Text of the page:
One Parent May Have Bigger Role in a Girl's Puberty Age

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The age at which girls reach puberty is influenced by a set of genes that were previously only known to be involved in the development of a fetus before birth, according to a new study.

The timing of puberty varies widely among people. Scientists are interested in understanding the factors that influence when people enter puberty, because this timing has been linked with the risk of developing health conditions — such as obesity, diabetes, heart disease and breast cancer — later in life.

Many factors — some genetic, and others nongenetic — have a role in the timing of puberty. To find the genes that influence puberty in girls, researchers analyzed the genomes of more than 180,000 women of European descent, and found more than 100 genetic variations that were associated with the age at which girls experienced their first menstrual period.

Six of these genetic differences were found within a set of genes known as "imprinted" genes, according to the study, published today (July 23) in the journal Nature. [Unraveling the Human Genome: 6 Molecular Milestones]

Imprinted genes are unusual in that only one of the two copies that people inherit from their parents is active, and the other is silenced. (For most of the genes, the copies inherited from the mother and father are equally active.)

This finding means that the timing of puberty may depend, in part, on which copy is active, the researchers said. In other words, one parent will end up having a stronger influence than the other.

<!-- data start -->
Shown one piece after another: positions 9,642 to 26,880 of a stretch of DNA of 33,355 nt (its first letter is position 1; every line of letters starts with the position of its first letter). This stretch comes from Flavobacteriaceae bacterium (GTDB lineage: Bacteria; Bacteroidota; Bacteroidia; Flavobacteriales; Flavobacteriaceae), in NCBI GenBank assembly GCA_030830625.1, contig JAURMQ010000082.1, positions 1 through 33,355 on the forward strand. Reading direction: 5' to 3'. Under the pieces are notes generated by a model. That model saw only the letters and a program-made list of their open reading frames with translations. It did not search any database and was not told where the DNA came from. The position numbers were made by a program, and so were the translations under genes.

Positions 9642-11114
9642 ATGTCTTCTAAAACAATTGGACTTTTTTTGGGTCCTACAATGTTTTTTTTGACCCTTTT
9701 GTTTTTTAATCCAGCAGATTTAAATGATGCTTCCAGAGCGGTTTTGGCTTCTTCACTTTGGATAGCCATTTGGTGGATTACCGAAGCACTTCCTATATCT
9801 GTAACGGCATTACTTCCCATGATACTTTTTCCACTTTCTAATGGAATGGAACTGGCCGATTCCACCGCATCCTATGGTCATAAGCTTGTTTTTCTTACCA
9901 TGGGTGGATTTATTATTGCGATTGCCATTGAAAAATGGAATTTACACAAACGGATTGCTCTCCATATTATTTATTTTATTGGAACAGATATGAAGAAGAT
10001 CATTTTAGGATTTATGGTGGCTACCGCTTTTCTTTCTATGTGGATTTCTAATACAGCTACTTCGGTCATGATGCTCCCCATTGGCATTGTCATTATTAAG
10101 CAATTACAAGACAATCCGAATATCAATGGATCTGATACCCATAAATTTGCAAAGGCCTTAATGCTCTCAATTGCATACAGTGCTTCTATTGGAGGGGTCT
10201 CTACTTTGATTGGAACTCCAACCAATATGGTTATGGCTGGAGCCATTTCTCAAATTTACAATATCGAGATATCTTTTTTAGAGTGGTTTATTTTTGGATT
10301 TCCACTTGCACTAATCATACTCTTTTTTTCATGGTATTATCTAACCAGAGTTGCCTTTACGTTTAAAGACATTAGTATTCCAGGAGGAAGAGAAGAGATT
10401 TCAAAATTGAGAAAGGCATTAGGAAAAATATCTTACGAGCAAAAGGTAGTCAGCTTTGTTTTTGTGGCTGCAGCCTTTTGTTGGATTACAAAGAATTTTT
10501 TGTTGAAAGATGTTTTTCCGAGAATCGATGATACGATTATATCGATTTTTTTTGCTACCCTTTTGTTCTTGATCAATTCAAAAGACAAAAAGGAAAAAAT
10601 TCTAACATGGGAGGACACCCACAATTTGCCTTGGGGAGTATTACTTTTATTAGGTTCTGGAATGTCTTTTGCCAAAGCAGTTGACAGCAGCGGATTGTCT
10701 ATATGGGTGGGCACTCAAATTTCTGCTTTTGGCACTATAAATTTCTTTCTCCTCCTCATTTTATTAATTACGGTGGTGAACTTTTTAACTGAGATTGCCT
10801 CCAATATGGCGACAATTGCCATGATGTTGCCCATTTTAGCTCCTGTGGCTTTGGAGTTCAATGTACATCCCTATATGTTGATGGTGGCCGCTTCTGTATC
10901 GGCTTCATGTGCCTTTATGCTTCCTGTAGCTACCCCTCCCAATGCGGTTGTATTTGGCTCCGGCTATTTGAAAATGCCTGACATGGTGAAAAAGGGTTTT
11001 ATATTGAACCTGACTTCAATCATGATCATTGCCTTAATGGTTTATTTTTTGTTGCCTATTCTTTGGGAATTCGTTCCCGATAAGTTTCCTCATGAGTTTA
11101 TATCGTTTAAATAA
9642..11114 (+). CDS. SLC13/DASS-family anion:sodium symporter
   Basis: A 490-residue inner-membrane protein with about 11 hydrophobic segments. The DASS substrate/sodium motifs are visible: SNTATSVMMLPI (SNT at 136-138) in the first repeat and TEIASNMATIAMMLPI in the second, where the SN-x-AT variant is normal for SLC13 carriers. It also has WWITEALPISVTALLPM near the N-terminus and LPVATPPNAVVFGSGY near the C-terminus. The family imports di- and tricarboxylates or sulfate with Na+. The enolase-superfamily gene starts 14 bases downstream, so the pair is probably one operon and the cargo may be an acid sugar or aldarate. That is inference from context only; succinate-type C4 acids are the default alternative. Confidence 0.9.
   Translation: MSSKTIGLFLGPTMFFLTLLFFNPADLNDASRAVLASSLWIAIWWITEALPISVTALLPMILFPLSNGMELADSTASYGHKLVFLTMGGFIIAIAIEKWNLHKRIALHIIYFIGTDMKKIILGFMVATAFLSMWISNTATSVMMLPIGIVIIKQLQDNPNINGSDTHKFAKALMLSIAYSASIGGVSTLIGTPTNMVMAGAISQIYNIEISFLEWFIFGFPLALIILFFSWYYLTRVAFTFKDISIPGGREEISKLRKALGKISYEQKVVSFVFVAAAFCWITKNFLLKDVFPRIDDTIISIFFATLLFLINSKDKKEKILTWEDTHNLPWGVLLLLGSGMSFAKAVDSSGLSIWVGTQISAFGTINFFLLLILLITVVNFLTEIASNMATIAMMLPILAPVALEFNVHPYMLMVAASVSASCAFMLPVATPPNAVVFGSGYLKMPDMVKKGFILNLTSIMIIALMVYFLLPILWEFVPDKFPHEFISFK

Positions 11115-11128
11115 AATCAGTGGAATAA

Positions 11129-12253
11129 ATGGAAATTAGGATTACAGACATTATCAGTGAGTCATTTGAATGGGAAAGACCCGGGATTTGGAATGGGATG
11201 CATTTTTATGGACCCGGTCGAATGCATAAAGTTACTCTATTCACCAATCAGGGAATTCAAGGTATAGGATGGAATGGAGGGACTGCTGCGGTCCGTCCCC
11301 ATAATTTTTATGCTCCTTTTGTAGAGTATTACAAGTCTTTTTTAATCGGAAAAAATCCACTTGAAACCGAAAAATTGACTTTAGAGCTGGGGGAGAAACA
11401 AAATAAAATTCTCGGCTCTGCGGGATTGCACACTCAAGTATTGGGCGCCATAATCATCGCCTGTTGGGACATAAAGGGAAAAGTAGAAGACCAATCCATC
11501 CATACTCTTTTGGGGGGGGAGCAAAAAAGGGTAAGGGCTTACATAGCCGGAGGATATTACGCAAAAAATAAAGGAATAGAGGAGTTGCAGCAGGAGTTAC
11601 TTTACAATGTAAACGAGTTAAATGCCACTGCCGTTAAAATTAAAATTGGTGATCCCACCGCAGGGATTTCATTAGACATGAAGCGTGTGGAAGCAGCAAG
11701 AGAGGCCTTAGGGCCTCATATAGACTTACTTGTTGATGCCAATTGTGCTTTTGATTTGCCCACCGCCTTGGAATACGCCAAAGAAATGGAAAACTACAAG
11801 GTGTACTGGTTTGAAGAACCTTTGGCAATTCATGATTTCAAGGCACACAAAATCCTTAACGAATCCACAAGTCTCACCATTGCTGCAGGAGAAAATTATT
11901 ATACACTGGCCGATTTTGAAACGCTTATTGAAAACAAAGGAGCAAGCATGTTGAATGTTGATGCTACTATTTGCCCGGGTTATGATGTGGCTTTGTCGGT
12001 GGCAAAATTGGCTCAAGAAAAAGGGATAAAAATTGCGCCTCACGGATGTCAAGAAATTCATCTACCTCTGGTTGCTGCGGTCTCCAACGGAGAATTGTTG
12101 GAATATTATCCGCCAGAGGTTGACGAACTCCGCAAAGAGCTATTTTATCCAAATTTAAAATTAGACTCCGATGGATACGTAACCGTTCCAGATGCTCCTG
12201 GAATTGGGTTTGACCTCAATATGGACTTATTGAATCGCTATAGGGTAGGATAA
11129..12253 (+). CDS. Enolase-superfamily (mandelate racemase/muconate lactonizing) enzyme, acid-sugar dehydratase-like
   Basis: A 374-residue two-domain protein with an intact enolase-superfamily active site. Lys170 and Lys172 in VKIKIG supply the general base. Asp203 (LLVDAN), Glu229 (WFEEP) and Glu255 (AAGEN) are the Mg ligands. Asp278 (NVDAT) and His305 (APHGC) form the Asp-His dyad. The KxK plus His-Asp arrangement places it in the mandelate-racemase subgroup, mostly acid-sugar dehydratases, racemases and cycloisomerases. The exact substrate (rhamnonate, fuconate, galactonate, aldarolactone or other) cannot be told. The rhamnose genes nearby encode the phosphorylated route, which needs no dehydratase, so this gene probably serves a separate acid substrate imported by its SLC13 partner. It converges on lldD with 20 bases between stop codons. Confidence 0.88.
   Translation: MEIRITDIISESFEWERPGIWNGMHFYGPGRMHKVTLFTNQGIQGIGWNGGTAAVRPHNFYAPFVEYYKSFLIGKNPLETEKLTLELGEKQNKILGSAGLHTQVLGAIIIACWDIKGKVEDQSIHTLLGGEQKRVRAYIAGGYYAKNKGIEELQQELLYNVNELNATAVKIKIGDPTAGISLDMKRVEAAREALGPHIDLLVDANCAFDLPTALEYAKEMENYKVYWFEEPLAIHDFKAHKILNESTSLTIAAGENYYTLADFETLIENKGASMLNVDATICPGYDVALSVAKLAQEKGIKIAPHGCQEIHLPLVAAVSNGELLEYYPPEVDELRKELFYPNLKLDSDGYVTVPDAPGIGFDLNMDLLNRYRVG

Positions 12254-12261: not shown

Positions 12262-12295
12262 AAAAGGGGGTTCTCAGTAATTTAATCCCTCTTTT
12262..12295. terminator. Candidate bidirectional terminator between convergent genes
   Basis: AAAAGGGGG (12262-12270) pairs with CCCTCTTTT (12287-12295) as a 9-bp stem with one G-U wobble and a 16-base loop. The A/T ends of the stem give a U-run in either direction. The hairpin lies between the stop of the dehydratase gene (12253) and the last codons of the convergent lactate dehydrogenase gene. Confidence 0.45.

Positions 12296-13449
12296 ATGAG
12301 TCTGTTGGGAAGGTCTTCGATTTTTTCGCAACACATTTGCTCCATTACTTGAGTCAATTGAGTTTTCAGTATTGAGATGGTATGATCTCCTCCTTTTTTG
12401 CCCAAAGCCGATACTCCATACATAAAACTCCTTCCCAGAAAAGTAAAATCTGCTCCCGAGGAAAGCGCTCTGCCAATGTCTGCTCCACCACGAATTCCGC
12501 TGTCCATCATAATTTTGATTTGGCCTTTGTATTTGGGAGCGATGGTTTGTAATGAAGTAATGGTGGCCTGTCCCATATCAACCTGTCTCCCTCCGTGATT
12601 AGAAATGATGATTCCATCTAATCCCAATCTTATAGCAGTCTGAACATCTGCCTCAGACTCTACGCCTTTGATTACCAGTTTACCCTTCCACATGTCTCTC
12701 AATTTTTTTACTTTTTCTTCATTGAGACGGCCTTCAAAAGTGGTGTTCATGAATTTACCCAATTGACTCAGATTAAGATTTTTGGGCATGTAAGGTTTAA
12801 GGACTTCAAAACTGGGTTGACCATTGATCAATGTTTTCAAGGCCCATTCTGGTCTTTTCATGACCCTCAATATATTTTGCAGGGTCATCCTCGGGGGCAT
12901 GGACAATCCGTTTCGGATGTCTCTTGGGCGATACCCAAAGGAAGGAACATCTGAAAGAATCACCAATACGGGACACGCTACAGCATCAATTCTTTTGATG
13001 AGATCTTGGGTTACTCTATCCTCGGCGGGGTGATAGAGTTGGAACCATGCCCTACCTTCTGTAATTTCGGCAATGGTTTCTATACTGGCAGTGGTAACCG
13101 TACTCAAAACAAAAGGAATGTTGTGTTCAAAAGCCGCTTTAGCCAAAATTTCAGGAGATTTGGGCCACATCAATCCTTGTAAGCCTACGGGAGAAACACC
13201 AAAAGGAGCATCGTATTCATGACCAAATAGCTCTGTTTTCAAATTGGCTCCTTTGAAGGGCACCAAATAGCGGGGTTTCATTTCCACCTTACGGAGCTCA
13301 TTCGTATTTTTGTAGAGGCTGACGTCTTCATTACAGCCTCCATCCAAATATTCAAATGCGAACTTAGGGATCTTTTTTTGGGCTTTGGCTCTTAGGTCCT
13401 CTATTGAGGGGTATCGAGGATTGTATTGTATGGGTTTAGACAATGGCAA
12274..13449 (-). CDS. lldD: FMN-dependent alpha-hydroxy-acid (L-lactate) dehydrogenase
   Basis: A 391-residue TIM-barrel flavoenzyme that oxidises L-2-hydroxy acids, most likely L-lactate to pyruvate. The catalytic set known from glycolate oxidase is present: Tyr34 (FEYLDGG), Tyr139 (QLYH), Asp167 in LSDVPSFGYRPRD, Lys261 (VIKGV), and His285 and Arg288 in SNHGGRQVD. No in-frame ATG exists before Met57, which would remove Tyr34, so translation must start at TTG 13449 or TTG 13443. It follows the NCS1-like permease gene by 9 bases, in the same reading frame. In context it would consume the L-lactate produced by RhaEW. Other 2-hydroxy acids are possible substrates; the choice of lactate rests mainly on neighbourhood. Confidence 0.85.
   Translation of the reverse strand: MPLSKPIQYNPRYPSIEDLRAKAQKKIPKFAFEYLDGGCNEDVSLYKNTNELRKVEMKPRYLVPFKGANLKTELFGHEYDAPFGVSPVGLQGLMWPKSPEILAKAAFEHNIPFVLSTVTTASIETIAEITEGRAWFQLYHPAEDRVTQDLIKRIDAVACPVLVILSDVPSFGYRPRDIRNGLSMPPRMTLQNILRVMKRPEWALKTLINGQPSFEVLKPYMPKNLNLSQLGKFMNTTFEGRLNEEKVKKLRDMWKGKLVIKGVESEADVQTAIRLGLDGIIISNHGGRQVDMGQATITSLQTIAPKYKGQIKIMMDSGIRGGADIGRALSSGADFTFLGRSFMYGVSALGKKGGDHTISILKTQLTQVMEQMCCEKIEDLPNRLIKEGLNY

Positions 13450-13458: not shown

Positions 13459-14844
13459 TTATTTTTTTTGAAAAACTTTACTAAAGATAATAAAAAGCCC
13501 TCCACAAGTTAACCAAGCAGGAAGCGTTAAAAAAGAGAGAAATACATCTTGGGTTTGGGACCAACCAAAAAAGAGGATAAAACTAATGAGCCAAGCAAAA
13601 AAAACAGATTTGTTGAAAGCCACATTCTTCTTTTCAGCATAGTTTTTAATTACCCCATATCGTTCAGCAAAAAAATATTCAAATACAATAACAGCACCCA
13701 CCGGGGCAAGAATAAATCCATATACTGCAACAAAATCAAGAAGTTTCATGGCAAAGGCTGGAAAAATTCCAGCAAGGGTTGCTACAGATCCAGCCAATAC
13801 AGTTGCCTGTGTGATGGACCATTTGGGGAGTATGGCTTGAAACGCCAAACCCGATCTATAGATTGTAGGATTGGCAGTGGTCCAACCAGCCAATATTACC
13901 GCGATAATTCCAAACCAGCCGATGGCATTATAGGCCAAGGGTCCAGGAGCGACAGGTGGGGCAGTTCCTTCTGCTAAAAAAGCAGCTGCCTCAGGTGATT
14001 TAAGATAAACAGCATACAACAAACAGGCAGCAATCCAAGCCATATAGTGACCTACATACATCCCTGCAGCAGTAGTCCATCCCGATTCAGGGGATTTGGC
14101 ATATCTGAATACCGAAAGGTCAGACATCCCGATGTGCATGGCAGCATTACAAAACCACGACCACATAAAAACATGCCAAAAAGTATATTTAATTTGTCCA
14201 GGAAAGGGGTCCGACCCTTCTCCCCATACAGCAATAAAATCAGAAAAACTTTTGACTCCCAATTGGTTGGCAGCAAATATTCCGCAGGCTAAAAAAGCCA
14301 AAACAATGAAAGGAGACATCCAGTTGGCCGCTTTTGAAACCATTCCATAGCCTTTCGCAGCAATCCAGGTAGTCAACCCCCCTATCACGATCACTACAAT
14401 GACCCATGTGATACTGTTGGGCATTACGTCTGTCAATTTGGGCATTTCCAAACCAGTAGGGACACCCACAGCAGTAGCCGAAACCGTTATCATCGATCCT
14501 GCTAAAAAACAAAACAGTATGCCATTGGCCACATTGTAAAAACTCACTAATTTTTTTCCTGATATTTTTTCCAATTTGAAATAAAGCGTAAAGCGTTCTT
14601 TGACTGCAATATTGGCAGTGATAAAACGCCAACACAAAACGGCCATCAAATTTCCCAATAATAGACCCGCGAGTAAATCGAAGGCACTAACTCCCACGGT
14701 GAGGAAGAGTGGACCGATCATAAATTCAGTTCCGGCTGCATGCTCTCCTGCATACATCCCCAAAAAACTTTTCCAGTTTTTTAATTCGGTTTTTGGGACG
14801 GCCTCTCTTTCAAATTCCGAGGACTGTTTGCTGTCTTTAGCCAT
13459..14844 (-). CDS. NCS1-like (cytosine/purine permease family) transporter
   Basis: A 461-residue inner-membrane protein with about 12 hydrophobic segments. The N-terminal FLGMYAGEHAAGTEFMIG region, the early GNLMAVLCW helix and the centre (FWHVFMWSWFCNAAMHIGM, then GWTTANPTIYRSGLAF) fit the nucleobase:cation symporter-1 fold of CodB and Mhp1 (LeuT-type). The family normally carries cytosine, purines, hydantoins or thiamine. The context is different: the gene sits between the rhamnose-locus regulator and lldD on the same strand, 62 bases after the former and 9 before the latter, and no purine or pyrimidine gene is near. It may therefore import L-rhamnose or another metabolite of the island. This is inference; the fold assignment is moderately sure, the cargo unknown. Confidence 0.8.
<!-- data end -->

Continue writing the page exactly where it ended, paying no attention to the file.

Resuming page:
"Up until now, imprinted genes were largely thought to be important for growth and development of babies before birth," John Perry, a researcher at the University of Cambridge in the United Kingdom and one of the researchers involved in the study, said in an interview with Nature. "However, our study supports the idea that these genes continue to play a role in later-life health and disease."

One idea that is popular among scientists is that imprinted genes demonstrate the competition between maternal and paternal genes in furthering their own genetic interests, Perry said.

The new findings also suggest that hundreds, or perhaps thousands, of genes work in a complex network to determine the timing of puberty, the researchers said.

Many of the genetic differences found in the new study were shown in previous studies to have other links with puberty, while others have been implicated in body weight and various diseases, including rare disorders associated with puberty. More research is needed to understand exactly how all of these genes work to determine puberty's timing, the researchers said.

"We were amazed at the diverse range of biological pathways and processes that all genes fell into," such as energy, autoimmunity and sex hormones, Perry said.

Email Bahar Gholipour. Follow Live Science @livescience, Facebook & Google+. Originally published on Live Science.

Bahar Gholipour
Staff Writer
Bahar Gholipour is a staff reporter for Live Science covering neuroscience, odd medical cases and all things health. She holds a Master of Science degree in neuroscience from the École Normale Supérieure (ENS) in Paris, and has done graduate-level work in science journalism at the State University of New York at Stony Brook. She has worked as a research assistant at the Laboratoire de Neurosciences Cognitives at ENS.